The mismanagement of classroom instruction is the ugly secret and fatal flaw of school reform. Everyone knows that school systems are horrendously mismanaged. The media keep us fully informed and outraged at foul-ups like overspent budgets, computer glitches, bungled paperwork, defective maintenance, and unresponsive bureaucrats. But these failings, as serious as they are, tell only a small part of the story.
They only recite the noninstructional mismanagement. There is fallout on teaching and learning, of course, from this type of mismanagement. But the damage pales in comparison to the harm caused when teachers aren’t given strong support in their daily classroom activities: when core curricula are not carefully selected; when training for teachers in implementation of the curricula, including sequence and pacing of lesson plans, is neglected; when tools for gathering and analyzing student data are not provided; when there is not a proper alignment between what is to be taught and the capacity of teachers (for example, the instructional time allotted and the class size) to address the continuum of fast to slow and struggling students; and when there is insufficient supervision, monitoring, and feedback loops.
Without these instructional supports, expectations for teachers and students are unrealistic, and the system is set up for failure.
Of course, no one would expect public school systems to be better managed than other large bureaucracies. And they aren’t. Education administrators resist change, protect their turf and colleagues, and tend to be unaware of their own managerial shortcomings. But if school systems are no better than other bureaucracies, are they, generally speaking, worse?
Too often, job promotions reflect collegial relationships more than merit, and middle-management positions are often repositories for unsatisfactory principals and others who are recycled in an infamous ‘dance of the lemons.’”
The answer seems to be yes—for three main reasons. First, predisposition. The personal temperament of educators and their professional culture of insularity predispose them to be weak managers. Most educators, bless them, are drawn to the profession by the opportunity it offers to nurture the growth of children. They are more at ease with informal and collegial, rather than formal and hierarchical, relationships, and they resist being squeezed into a corporate-management mold. Most experienced teachers (and principals, too) want to close their classroom doors and do their own thing, in their own way.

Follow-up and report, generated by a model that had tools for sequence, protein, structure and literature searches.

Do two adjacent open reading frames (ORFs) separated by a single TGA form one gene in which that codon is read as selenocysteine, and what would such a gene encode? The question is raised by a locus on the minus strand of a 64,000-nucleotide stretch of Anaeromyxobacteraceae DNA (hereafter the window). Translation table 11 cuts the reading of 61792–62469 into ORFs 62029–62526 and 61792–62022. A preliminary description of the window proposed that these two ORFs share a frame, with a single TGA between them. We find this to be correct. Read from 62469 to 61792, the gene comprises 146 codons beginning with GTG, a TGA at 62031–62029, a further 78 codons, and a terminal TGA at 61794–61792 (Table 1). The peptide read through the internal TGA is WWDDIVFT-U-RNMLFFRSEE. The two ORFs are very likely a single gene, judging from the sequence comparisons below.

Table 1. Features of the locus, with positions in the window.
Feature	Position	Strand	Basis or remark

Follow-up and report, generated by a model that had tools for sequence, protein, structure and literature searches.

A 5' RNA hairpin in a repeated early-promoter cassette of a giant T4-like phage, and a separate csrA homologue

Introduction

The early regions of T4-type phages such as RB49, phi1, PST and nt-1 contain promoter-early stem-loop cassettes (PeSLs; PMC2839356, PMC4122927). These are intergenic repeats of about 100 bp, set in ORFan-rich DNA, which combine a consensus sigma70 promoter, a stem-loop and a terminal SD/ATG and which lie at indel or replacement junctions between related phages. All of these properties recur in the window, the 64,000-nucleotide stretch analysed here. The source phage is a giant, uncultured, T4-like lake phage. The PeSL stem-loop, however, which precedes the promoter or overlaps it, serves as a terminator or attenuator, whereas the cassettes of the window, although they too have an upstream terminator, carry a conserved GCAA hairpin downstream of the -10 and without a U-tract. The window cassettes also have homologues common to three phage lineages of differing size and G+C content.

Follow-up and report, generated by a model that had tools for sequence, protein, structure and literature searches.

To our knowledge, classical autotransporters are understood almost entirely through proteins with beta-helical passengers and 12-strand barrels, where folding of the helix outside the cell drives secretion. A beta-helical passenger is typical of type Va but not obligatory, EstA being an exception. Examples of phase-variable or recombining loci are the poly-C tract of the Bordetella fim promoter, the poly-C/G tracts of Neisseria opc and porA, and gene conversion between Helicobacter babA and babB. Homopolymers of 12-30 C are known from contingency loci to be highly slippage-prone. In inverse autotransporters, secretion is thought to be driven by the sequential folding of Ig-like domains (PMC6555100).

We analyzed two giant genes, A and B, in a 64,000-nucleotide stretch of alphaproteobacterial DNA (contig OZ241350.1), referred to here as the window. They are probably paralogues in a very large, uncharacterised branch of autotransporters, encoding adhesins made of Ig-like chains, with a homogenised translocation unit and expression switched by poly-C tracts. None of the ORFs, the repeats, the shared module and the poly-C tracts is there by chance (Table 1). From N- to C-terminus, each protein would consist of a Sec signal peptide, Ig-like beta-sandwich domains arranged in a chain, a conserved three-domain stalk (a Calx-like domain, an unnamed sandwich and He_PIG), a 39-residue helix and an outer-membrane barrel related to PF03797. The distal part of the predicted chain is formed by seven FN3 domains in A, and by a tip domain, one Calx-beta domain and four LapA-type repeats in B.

At the same time, a “we vs. they” mind-set prevails. Educators perceive outsiders in general—from parents to politicians to management experts—as grandstanding quarterbacks who constantly second-guess their own expertise. This feeling of being “dissed” is understandable. Micromanagement of K-12 education resembles a national pastime.
Multitudes of people who wouldn’t dare challenge their doctors, lawyers, electricians, or plumbers have little hesitation in criticizing and offering unsolicited advice to superintendents, principals, and teachers. But educators’ circle-the-wagons culture goes too far. One teacher spoke for many when she blurted out: “We get sick and tired of these [outside] bozos trying to come into the schools and tell us our jobs. We’re the experts. We know what works. I wish all these noneducators would just shut up, take care of their own jobs, and let us take care of ours.”
Yet, this attitude is self-defeating when it repels management norms from business, science, and other fields that could help teachers do a better job.
The second basic reason educators mismanage classroom instruction is their lack of management skills. They don’t learn management in education courses in college or graduate school. Leadership programs in schools of education are notoriously out of touch with the real challenges of instructional leadership. Nor do teachers receive on-the-job management training as they work their way up the instructional chain of command, typically from assistant principal, to principal, to a post in the regional and central administrative offices. Too often, job promotions reflect collegial relationships more than merit, and middle-management positions are often repositories for unsatisfactory principals and others who are recycled in an infamous “dance of the lemons.”